Look for signs of unsafe conditions, including ice of different colors, water on top of the ice, cracks, pressure ridges, open water and bubbles in the ice. Also, beware of ice covered with snow. Sometimes the snow serves as insulation, keeping the ice from melting. Other times, the snow has the opposite effect, insulating the surface from freezing. Also be aware that water levels can fluctuate in reservoirs which can affect ice stability.

• Never go onto the ice alone. Having someone with you means your partner can call or send for help if you fall in.

• Remember reach-throw-go. If you are with someone who falls through the ice and you can’t reach them from shore, throw them a floatation device or rope. If you still can’t help the person quickly, go for help. Never walk out onto the ice to try to rescue your friend because you might fall through, too.

• Avoid alcoholic beverages. Alcohol increases your chance for hypothermia, which is the loss of body temperature. It can also lower your inhibitions, increasing the likelihood that you might take risks you otherwise wouldn’t take.

• Always wear a life jacket or personal flotation device over winter clothing. Life jackets can provide excellent flotation and protection from hypothermia.

• Always wear a safety kit when going out onto the ice. Safety kits should include an ice pick, rope and a whistle to call for help.

• Always keep your pets on a leash. Never allow your dog to run out onto the ice and never walk your dog near a frozen lake or pond without a leash. If your dog falls through the ice, do not attempt a rescue. Go for help. If the ice couldn’t support the weight of your animal, it can’t support you.

If you do fall through the ice, remember to not panic. Try to remain calm to conserve as much energy as possible. Try to get your arms onto the ice and kick as hard as you can with your feet to help lift you onto the ice, and then roll to safety. If you can’t get out of the cold water by yourself, do not swim. Swimming will cause your body to lose heat much faster than if you stay as still as possible. Act slowly and deliberately to conserve heat. Expect a progressive decrease in your strength and ability to move. Make the harder maneuvers at the beginning, while you can. Keep your head and upper body as far out of the water as reasonably possible to conserve heat.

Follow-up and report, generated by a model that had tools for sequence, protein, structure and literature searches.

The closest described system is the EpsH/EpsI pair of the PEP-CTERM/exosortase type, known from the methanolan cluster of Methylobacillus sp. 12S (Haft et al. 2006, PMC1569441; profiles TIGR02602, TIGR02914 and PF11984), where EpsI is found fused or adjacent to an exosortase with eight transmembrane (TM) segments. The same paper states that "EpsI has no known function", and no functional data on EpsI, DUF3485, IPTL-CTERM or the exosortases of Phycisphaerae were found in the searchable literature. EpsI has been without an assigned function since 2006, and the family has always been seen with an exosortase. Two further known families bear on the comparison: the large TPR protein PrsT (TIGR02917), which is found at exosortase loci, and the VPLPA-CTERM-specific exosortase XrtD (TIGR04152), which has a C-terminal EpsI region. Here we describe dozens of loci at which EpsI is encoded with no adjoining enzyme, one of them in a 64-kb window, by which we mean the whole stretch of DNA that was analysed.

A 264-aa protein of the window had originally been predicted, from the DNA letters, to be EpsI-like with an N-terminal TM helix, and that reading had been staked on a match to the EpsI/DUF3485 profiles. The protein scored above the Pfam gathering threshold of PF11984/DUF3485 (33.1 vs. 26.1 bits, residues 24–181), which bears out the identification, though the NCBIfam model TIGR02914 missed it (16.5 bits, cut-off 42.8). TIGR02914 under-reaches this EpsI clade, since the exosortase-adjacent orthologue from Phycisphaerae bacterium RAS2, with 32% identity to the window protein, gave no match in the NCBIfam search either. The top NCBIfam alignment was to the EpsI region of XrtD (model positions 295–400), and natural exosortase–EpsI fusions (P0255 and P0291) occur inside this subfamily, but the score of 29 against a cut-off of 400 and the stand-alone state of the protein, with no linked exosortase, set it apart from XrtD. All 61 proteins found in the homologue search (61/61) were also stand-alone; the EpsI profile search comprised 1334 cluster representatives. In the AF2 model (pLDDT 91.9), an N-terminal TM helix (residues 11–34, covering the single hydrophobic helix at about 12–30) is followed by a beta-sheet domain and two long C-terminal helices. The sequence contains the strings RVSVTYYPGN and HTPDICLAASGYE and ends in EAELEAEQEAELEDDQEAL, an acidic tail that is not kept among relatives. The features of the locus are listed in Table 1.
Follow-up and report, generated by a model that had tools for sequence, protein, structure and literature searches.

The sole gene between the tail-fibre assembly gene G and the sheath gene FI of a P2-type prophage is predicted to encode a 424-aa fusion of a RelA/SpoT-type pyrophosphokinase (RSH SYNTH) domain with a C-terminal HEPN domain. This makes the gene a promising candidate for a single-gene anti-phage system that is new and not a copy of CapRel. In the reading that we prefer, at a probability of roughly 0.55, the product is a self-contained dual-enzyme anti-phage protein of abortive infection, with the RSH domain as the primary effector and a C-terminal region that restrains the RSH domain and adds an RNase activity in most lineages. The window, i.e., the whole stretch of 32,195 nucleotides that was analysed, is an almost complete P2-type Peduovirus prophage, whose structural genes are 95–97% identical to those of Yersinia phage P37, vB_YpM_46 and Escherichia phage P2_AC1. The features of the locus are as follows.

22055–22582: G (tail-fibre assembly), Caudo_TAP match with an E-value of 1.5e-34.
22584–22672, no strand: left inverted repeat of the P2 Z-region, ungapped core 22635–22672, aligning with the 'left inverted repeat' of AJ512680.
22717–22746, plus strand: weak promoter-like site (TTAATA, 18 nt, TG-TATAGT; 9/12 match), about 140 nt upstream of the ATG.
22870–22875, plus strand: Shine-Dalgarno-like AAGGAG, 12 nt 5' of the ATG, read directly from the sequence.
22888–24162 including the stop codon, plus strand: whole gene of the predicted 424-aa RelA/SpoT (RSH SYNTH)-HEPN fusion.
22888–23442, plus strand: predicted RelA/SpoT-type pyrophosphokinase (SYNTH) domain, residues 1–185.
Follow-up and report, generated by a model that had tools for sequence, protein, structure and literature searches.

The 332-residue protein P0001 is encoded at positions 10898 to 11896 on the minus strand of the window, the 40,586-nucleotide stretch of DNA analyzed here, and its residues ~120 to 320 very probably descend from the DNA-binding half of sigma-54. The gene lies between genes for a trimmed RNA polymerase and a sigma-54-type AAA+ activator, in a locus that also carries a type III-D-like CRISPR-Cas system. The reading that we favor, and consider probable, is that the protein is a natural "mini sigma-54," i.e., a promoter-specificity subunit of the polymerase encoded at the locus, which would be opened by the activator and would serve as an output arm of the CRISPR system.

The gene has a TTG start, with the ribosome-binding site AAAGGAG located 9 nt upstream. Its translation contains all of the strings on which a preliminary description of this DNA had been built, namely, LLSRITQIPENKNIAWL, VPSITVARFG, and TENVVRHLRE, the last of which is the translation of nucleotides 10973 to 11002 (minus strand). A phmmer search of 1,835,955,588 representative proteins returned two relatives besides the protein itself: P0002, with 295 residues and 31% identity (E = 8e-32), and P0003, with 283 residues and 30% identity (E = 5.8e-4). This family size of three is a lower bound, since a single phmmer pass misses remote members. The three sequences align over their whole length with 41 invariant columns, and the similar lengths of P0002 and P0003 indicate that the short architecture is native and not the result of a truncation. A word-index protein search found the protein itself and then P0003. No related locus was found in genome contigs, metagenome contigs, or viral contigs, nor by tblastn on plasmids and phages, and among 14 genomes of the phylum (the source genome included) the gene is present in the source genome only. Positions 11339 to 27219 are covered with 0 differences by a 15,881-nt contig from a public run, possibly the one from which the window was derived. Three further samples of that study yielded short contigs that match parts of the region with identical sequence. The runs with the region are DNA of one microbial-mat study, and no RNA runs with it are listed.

New Year’s library closures

All six branches of the Garfield County Libraries will close early at 5 p.m. Tuesday, Dec. 31, and remain closed Wednesday, Jan. 1, for the New Year’s holiday. The libraries will resume normal hours at 10 a.m. Thursday, Jan. 2. For more information, visit

Christmas tree permits

Personal use Christmas tree tags are available from the Rifle Ranger District office of the White River National Forest.

Christmas tree cutting is allowed in most areas on the forest, with these exceptions: wilderness areas, commercial timber sales, recreation and ski areas, administrative areas and Glenwood Canyon. Trees may not be cut within 100 feet of any road. Maps showing where Christmas tree cutting is allowed are available. Permits will only be sold at White River district offices, not at retail outlets, chambers of commerce, the White River supervisor’s office or the Bureau of Land Management office in Silt.

Permits cost $10 each and may be purchased with cash, check, money order or credit cards at the Rifle Ranger Station, 0094 County Road 244, from 8 a.m. to 4:30 p.m. weekdays. Permits expire Dec. 31. For more information, call 625-2371.